For these and other charities dedicated to musicians' relief, the challenge is how to adjust to a constantly changing landscape. Project HEAL (Helping Employ Artists Locally), for example, started in Lafayette a week after Katrina in association with the Acadiana Arts Council to help meet musicians' immediate needs. Project director Matthew Goldman -- who also serves as the press and advertising director for Jazz Fest producer Festival Productions Inc. -- and the Project HEAL staff are debating how best to continue to help musicians. Part of that decision includes whether to remain in Lafayette or relocate to New Orleans. It's not an easy decision; like the musicians they have been helping, the staffers are also displaced New Orleanians who have houses and jobs they hope to go home to.
Project HEAL helped musicians by getting them back to work, setting up gigs in the Lafayette area, including performances in evacuation shelters in the first weeks after Katrina. Because there weren't enough club dates to keep everybody employed, Project HEAL arranged gigs in schools and other non-traditional venues. It also made sure the musicians were paid a living wage for their labor.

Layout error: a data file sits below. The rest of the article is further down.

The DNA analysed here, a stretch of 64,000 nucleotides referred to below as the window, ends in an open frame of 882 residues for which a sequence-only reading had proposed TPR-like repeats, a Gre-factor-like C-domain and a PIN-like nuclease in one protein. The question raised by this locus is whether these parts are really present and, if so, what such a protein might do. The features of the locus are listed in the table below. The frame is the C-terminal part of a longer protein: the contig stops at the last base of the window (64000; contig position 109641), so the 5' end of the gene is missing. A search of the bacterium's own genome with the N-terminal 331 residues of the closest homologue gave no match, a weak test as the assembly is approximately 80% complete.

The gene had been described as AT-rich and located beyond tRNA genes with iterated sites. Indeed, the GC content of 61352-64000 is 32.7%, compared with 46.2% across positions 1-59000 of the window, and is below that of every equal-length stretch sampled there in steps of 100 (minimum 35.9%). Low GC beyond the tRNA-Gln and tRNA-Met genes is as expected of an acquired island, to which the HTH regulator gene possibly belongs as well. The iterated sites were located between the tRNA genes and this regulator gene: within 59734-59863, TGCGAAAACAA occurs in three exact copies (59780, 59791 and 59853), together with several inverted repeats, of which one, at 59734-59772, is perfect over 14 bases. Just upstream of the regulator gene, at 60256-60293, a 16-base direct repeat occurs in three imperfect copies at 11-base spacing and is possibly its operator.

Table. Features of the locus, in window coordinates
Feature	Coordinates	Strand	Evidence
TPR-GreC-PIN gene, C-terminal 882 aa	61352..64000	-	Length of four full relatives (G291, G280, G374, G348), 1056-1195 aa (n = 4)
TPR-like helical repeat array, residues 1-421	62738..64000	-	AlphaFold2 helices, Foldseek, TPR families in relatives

Along those lines, the NOMC has started partnering with music venues to ensure that musicians are paid better. In Lafayette, the clinic underwrote shows at Club 307 to match whatever the club pays the musicians. The clinic's Michelle Gegenheimer hopes to bring the underwriting program to New Orleans, but right now it is working solely with the Palm Court Jazz Caf on Decatur Street.
As Goldman says, these days there are more questions than answers, the most important question being how best to help musicians. Circle Bar manager Lefty Parker had a grant-application party in the club one Sunday afternoon to help musicians fill out applications for money offered by Jazz at the Lincoln Center. At Project HEAL, Goldman realized that one of the best things he and his staff could do was give evacuees a chance to talk about their experiences. "A lot of this has been therapy," he says. "In ways, that has been as important as putting $150 in their pockets."